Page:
Introduction to the Major in Philosophy
The Philosophy program is dedicated to providing students with a fundamental competency in the understanding of major philosophical schools, ideas and concepts that develop students’ analytical and critical thinking preparing them to:
- Practice coherent argumentation
- Identify philosophical problems, puzzles, paradoxes or issues
- Formulate and elaborate solutions
- Enter graduate studies
As ‘love of wisdom’, philosophy provides a deeper understanding of issues, ranging from everyday life to highly conceptual, universal, or existential problems. It leads to a more thoughtful and comprehensive consideration of ourselves, society and the world at large, with an ‘examined’ approach to life as citizens and professionals. Critical skills, analysis/synthesis, problem solving, and decision making, are all part of the philosophy training on a variety of issues ranging from the public sphere, to personal life, the sciences and moral dilemmas.
What You Will Study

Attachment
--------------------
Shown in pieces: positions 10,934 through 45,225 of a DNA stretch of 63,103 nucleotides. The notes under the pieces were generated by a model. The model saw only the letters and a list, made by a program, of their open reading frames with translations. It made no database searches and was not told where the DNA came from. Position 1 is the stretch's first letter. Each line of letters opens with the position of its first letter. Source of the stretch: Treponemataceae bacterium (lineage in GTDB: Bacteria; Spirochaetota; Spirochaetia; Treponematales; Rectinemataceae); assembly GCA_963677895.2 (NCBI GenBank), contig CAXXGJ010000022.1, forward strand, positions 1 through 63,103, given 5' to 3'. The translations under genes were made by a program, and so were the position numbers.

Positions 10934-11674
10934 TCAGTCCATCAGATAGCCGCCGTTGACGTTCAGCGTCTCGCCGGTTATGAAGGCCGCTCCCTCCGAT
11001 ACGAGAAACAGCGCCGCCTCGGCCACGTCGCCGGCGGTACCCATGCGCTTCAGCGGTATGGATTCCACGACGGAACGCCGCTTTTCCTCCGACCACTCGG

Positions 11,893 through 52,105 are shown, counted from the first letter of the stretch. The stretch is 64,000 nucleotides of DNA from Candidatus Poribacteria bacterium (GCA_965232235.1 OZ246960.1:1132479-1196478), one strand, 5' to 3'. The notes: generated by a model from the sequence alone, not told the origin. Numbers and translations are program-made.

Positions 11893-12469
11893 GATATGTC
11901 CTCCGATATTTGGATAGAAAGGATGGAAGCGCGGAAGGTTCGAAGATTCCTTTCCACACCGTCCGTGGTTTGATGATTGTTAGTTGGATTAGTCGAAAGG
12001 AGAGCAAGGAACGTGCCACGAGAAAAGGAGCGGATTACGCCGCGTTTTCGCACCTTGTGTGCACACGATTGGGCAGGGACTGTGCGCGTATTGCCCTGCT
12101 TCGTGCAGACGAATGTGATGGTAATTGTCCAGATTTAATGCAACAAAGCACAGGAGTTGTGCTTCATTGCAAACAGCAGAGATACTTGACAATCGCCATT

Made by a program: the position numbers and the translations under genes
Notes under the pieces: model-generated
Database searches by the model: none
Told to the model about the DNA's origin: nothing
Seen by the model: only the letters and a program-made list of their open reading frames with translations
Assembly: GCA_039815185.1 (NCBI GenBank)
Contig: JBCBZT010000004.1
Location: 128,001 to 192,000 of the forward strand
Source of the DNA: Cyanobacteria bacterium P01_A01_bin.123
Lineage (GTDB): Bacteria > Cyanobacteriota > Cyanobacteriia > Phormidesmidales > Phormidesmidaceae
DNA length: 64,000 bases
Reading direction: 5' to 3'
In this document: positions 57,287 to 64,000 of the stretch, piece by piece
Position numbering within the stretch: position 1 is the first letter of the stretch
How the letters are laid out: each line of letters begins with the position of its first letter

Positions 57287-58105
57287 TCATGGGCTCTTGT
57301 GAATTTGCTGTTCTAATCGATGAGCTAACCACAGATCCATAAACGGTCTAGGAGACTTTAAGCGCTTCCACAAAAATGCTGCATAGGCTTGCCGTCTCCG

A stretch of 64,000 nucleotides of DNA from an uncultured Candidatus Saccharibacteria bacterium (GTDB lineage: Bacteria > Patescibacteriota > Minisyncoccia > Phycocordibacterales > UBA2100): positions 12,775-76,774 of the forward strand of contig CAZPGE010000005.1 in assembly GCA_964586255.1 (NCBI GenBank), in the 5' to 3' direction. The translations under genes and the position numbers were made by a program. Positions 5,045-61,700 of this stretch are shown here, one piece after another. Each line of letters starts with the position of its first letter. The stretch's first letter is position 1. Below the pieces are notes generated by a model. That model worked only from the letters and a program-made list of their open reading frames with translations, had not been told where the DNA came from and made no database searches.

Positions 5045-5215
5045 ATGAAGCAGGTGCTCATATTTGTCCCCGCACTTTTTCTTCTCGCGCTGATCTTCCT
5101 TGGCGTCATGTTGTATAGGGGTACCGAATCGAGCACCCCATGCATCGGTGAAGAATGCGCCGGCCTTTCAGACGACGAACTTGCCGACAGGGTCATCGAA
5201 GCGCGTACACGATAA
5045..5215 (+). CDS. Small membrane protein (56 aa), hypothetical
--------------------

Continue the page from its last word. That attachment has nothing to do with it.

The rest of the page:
The Philosophy program has strong components that allow students to build up knowledge and understanding of both theory and practice at four levels. Introductory courses develop a rigorous approach to a broad knowledge base, critical capacities and argumentation skills. At the next level, basic theories, issues and relevant arguments are examined in the fields of moral, social and political philosophy. Classes involve analysis of concepts, formulation of responses to well-defined or abstract problems, and exercise of significant judgment. At the next two levels, students achieve an understanding of central theories in the fields of logic, metaphysics, aesthetics, epistemology, and philosophy of mind, as well as the ability to use and criticize specialized philosophical terminology.
The courses hone skills in analysis, synthesis and interpretation of philosophical texts. Creative thinking – self-critically and independently – is expected. Priority is given to research, papers, reports, proposals and presentations. The transfer and application of diagnostic and critical skills, and the exercise of judgment in various situations are encouraged. Students are expected to manage a complex body of information and to use libraries and on-line resources effectively.